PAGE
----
I began to regularly eat fruit when I started my weight loss journey about 50 pounds ago. Before then, my consumption of fruit was limited to Fruity Pebbles, Hostess Fruit Pies, and Fruit by the Foot. But I’ve learned to enjoy and even appreciate fruit. One of the obvious attributes of fruit is its beauty. When I look at a ripe piece of fruit I marvel at the color and shading. Maybe that’s why you’ll never see an oil painting of bacon in an art museum. Don’t get me wrong, I like bacon. Bacon is pretty good, but it isn’t pretty. Fruit is also appealing. When you see it, you desire it. Which was the problem Adam and Eve ran into. What if the serpent would have approached the innocent Edenic couple with lima beans? Would things have turned out different? Can will really think in terms of the “forbidden vegetable?” Not only is fruit beautiful and appealing, it also satisfies. It’s edible, tasty, and nutritious.
Fruit is an important metaphor throughout Scripture. The Psalms, Jeremiah, Hosea, Ezekiel, and Isaiah all utilize the metaphor to describe the special relationship God desired to have with His people. Israel got the imagery. In fact, according to the ancient historian Josephus, above the main entrance of the Temple in Jerusalem there was a grapevine with a cluster of grapes as tall as a man overlaid in gold. Israel understood the image but ultimately failed to live out the purpose of the image. Isaiah 5:7 states God’s disappointment this way, “The nation of Israel is the vineyard of the Lord of Heaven’s armies. The people of Judah are his pleasant garden. He expected a crop of justice, but instead he found oppression. He expected to find righteousness, but instead he heard cries of violence” (NLT).
It was against this Old Testament background of Israel as the vine that failed to produce good fruit that Jesus said, “I am the true grapevine, and my Father is the gardener. He cuts off every branch of mine that doesn’t produce fruit, and he prunes the branches that do bear fruit so they will produce even more. You have already been pruned and purified by the message I have given you. Remain in me, and I will remain in you. For a branch cannot produce fruit if it is severed from the vine, and you cannot be fruitful unless you remain in me. Yes, I am the vine; you are the branches. Those who remain in me, and I in them, will produce much fruit. For apart from me you can do nothing. Anyone who does not remain in me is thrown away like a useless branch and withers. Such branches are gathered into a pile to be burned. But if you remain in me and my words remain in you, you may ask for anything you want, and it will be granted! When you produce much fruit, you are my true disciples. This brings great glory to my Father” (John 15:1-8, NLT)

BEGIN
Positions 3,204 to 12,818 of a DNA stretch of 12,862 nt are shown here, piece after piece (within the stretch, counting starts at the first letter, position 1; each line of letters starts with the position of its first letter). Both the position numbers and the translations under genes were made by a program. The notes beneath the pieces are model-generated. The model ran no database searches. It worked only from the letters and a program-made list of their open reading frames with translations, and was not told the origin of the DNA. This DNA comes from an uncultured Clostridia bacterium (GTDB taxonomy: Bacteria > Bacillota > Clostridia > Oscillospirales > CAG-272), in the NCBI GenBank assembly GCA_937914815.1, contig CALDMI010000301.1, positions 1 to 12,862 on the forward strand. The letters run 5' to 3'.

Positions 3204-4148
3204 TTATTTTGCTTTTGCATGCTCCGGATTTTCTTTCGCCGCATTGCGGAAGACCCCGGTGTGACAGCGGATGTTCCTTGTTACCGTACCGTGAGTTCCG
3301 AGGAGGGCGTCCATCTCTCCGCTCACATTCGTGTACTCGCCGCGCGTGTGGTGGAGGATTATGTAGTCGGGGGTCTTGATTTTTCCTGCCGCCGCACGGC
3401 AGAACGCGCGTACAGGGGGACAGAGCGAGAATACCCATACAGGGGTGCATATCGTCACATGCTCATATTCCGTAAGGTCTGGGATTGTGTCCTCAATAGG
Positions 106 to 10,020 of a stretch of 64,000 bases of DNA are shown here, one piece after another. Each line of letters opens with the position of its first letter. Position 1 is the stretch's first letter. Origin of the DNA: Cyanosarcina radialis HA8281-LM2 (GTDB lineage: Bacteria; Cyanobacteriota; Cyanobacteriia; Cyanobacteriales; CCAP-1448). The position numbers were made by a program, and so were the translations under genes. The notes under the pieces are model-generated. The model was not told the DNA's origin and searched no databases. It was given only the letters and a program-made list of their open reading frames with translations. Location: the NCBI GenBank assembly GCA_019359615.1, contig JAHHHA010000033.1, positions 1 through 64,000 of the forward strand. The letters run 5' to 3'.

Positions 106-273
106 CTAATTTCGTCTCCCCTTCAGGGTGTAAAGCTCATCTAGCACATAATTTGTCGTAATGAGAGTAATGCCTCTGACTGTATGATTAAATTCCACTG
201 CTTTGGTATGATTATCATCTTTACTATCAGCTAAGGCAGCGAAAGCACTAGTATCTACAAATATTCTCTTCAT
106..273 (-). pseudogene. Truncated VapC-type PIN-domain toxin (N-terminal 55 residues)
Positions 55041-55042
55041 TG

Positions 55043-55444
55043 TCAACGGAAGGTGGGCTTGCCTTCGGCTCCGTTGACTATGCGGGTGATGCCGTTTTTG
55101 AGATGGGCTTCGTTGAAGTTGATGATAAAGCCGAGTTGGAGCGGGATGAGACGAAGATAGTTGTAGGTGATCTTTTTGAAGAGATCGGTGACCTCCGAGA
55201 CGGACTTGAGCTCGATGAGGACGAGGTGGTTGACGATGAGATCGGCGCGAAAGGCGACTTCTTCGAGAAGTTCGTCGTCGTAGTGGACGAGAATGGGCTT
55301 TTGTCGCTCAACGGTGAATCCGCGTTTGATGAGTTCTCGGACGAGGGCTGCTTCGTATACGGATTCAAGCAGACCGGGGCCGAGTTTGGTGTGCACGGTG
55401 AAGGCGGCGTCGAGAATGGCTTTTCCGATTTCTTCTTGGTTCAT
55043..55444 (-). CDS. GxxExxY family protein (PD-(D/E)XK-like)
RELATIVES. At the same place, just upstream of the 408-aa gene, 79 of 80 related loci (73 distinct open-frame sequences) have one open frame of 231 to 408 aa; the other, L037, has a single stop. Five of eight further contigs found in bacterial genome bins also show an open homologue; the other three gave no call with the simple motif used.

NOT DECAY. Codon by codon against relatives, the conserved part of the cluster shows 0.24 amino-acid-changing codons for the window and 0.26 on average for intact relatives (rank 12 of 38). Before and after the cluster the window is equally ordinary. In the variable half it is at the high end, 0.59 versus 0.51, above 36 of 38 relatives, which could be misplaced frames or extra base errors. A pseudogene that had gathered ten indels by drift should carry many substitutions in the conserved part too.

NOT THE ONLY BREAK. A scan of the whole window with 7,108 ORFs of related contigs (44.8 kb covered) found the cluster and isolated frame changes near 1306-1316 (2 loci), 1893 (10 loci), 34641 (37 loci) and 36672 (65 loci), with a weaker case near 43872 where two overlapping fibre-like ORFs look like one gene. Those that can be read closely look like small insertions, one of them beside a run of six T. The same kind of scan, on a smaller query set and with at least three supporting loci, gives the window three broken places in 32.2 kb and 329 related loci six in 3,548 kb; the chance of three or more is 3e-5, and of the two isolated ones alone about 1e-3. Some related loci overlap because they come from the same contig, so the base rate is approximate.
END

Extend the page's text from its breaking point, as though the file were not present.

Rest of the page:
Jesus spoke these words to his disciples on the night he was betrayed and I believe He continues to speak these words to his Church. What does this have to do with our discipleship to Christ? Tomorrow I’ll unpack the important concepts from Jesus’ teaching in this incredible text.